As a car-mad child of the ’70s, I recall reading about new capabilities and features being deployed in high-end and luxury cars and wondering how and when these features would ever become available to the mass market.
But over the decades, features such as antilock brakes, electronic stability control, cruise control and automatic emergency braking have waterfalled from luxury models into the wider mainstream. This is a great testament to the innovation and cost focus of the automotive industry and its suppliers, especially of electronics systems.
But capabilities such as touchscreen-based entertainment systems, digital instrument clusters with head-up displays, blindspot monitoring, lane-keep assist, night vision systems, adaptive driving beams and high-speed wireless connectivity, are still out of many global consumers’ reach today.
Informative and immersive in-vehicle experiences and enhanced driver and road user safety capabilities should be available to a greater consumer base.
With recent advances in computing capability, and the cost and performance benefits of semiconductor integration, we are entering an era where automakers can start thinking about advanced driver assistance systems (ADAS) and the digital cockpit not as optional features, but instead as an opportunity to move toward Vision Zero – a multinational approach to road safety that seeks to eliminate all traffic fatalities and severe injuries – while also making our vehicles an immersive driver and passenger experience.
Bringing immersive, affordable in-vehicle experiences and safety capabilities to all vehicles will be enabled by silicon integration. Consolidation of individual electronic control units (ECUs) due to evolving system architectures, and the move toward software-defined functionality in vehicles, is leading to a new paradigm in computing in the vehicle with its attendant functional safety requirements defined by the industry’s ISO 26262 standard.
The traditional infotainment system and instrument cluster are evolving from single entertainment or driver information functions to becoming an integrated and immersive “digital cockpit” capability. Functions such as driver and cabin monitoring, digital rear- and side-view mirrors, vehicle surround view and head-up displays are being subsumed into the digital cockpit. Similarly, driver safety augmentation capabilities such as vision and hazard monitoring, lane keeping, adaptive braking and dynamic acceleration are consolidating into fewer ADAS domain controller ECUs.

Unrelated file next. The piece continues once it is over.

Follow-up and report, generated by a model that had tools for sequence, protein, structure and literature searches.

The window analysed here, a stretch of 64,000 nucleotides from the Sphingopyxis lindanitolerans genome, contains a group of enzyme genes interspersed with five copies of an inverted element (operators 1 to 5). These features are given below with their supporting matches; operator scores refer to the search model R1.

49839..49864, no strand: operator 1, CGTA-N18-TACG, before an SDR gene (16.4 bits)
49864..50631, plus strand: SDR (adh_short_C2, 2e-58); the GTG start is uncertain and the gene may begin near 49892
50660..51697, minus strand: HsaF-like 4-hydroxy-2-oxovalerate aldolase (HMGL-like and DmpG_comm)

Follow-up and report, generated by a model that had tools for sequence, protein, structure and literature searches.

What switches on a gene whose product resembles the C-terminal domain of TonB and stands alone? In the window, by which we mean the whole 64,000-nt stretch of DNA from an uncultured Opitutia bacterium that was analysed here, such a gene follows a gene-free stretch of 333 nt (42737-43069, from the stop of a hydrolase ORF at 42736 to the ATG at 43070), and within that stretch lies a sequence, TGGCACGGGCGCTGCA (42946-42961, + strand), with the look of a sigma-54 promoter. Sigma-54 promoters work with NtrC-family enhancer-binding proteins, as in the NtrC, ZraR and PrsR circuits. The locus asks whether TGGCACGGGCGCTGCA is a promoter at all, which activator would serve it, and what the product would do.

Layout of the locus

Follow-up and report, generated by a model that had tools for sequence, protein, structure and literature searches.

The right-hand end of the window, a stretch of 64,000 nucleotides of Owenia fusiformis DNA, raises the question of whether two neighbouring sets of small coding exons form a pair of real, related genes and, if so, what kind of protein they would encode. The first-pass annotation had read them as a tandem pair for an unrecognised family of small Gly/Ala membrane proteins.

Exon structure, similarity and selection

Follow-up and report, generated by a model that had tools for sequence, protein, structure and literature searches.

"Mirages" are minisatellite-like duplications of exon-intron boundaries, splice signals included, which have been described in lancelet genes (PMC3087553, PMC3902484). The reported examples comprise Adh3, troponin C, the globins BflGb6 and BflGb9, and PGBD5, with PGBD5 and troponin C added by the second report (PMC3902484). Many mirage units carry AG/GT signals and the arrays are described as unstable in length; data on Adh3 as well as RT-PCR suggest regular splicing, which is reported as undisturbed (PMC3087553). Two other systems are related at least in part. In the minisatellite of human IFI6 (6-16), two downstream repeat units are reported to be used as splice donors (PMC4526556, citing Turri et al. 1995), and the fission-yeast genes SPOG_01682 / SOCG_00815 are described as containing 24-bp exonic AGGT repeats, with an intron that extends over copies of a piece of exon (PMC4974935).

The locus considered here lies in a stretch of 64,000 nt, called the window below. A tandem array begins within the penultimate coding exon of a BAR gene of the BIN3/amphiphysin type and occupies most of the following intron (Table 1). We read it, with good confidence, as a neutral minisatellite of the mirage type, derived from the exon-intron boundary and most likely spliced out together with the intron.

These evolving trends have two key implications: First, the computing performance needed for this consolidation of cockpit and safety functions increases tremendously, and second, because these features are increasingly performing critical safety functions or relaying safety-critical information and alerts to the driver, ISO 26262-based safety capability is becoming mandatory for multiple vehicle electronic systems.
Increasing the digital cockpit ECU’s performance by simply deploying a system-on-chip (SoC) with a higher-performance CPU – or a CPU with multiple cores – can address these inexorably growing computing demands, but it’s an incredibly power-inefficient approach (especially as we move to a world of electrified and battery-driven powertrains).
Instead, through the intelligent integration of heterogenous computing elements such as CPU, GPU, ISP and NPU in the SoC, the individual software and application workloads can be deployed to the compute-processing element best suited to process a specific task.
Specifically, in the case of the SoC, by supporting sufficient malfunction or failure diagnostic capability at the silicon level, and by following and documenting ISO-based systematic SoC development processes, the path to ASIL B certification at the ECU system level can be eased for solution integrators.
Samsung’s Exynos “Auto V9” digital cockpit SoC is a great example of how heterogenous computing has been enabled with ASIL B safety for next-generation processing; Arm-based multi-core CPU and multi-cluster GPUs are combined with an NPU to meet the computing demands of both rich in-vehicle experiences and safety functions such as driver monitoring.
In the face of growing consumer demand, an extensive technology ecosystem to support automaker in-vehicle infotainment (IVI) and ADAS development has never been so vital. Developers of future immersive in-vehicle and safe electronic systems are looking for the hardware and software capabilities to bring their vision to life while doing so cost- and power-efficiently and addressing critical industry safety standards. This needs unprecedented levels of partnership and collaboration.
And it’s worth highlighting that while these new capabilities are being deployed in more vehicle models each year, Arm’s foundational semiconductor IP technologies enabling these capabilities are developed up to 6-7 years in advance to take into account the long and stringent development cycle of automotive electronics.
We are doing this by developing our next-generation IP to deliver performance with power efficiency and with safety enablement as a priority. And as these electronic systems increasingly become more software-defined, we continue collaborating across the industry to make sure the right developer tools and software ecosystems are in place and supported to ensure these new capabilities can be widely deployed.
Through the strength of industry partnership from both a hardware and software perspective, I am confident we can maximize the benefits of these new vehicle technologies, make them more accessible to mass markets and make greater strides toward Vision Zero.
Chet Babla (above) is vice president-automotive for Arm, a processor design company whose technology powers more than 180 billion chips that are the brains for everything from sensors to smartphones to supercomputers.